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Seyfert galaxies (optical)


Active galactic nuclei (AGNs) are the brightest long-lived objects in the Universe, which emit a wide range of the electromagnetic spectrum from radio waves to gamma rays. According to the standard model of AGN there is a supermassive black hole with a mass of order 106–109 Solar mass at the centers of galaxies with active nuclei, surrounded by a bright accretion disk. The radiation of the accretion disk ionizes and heats surrounding gas, which emits broad spectral lines (so-called broad-line emission region or BLR). The black hole mass and accretion rate of gas into a black hole are the most important parameters that determine the structure and dynamics of AGN. A narrow relativistic jet from the central parts of the accretion disk is the source of synchrotron radiation. The magnetic field controls almost all of the basic physical processes in jets. Because the extremely small angular size of active nuclei, their structure can not be seen directly, and it can only be determined by indirect methods by observing radiation of AGN and the variability of this radiation at different wavelength ranges.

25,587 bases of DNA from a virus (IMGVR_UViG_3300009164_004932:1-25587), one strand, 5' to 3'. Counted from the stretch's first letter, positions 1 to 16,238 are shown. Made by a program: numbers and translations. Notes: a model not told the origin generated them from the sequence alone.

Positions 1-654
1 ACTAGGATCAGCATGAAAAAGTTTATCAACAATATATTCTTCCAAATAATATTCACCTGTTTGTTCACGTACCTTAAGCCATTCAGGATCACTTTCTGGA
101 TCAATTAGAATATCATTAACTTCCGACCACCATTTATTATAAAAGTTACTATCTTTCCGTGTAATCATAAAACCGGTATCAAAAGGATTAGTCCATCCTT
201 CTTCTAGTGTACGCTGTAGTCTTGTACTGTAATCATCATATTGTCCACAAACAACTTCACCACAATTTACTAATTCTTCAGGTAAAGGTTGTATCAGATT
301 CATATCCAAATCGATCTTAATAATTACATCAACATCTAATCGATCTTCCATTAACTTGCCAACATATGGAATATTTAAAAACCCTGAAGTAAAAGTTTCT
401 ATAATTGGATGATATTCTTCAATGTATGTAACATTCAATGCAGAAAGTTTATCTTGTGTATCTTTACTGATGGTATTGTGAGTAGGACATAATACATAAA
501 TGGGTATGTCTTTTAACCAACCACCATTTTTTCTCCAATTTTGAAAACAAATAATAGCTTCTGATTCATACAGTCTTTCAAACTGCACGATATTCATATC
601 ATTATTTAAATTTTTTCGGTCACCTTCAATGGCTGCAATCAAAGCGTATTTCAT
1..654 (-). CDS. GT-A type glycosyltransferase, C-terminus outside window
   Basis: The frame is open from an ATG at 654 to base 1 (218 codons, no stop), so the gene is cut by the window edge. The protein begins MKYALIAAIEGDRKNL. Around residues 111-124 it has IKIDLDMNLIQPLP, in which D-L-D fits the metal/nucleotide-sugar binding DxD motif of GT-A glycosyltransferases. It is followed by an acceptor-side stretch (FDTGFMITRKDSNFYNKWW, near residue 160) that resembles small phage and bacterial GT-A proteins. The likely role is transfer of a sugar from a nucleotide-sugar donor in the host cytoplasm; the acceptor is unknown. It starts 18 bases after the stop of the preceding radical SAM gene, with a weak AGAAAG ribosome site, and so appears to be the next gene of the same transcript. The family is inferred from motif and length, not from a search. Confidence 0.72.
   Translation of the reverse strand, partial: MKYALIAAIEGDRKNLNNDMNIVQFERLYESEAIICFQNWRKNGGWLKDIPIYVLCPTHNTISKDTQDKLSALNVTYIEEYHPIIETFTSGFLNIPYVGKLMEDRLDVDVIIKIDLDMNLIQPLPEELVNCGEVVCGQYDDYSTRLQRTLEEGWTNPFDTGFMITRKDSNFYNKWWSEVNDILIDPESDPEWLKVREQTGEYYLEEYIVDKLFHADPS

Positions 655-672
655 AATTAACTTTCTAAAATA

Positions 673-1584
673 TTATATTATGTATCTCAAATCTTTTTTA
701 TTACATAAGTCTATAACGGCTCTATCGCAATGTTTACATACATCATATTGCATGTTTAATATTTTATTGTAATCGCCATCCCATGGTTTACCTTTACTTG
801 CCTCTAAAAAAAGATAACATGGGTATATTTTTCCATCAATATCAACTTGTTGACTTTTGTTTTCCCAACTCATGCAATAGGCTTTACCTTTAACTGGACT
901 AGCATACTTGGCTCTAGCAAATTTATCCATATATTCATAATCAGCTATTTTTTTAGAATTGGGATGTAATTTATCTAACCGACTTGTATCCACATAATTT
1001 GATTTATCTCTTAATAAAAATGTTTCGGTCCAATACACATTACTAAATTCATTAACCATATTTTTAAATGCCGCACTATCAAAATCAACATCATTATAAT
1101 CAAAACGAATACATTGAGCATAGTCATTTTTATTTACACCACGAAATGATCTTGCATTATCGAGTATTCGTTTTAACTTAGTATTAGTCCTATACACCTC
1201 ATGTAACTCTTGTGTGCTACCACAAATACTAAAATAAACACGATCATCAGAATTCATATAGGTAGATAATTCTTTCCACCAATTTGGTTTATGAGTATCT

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History of AGNs research in the Crimean Astrophysical Observatory

Traditionally, Crimean Astrophysical Observatory takes one of the leading positions in the world in the study of AGN and carries out research in this field since 1960s. E.A. Dibai and V.I. Pronik began their studies of physical conditions in nuclei of Seyfert galaxies in 1964. Their works were pioneering at that time with observations carried out using a high-speed spectrograph at the 1.2-m telescope of the Crimean Station of SAI. Analysis of the spectra allowed them to make a conclusion about the presence of the two subsystems (two zones) of gas in the nuclei of Seyfert galaxies ( Dibai & Pronik 1967). These zones are called broad-line region (BLR) and narrow-line region (NLR).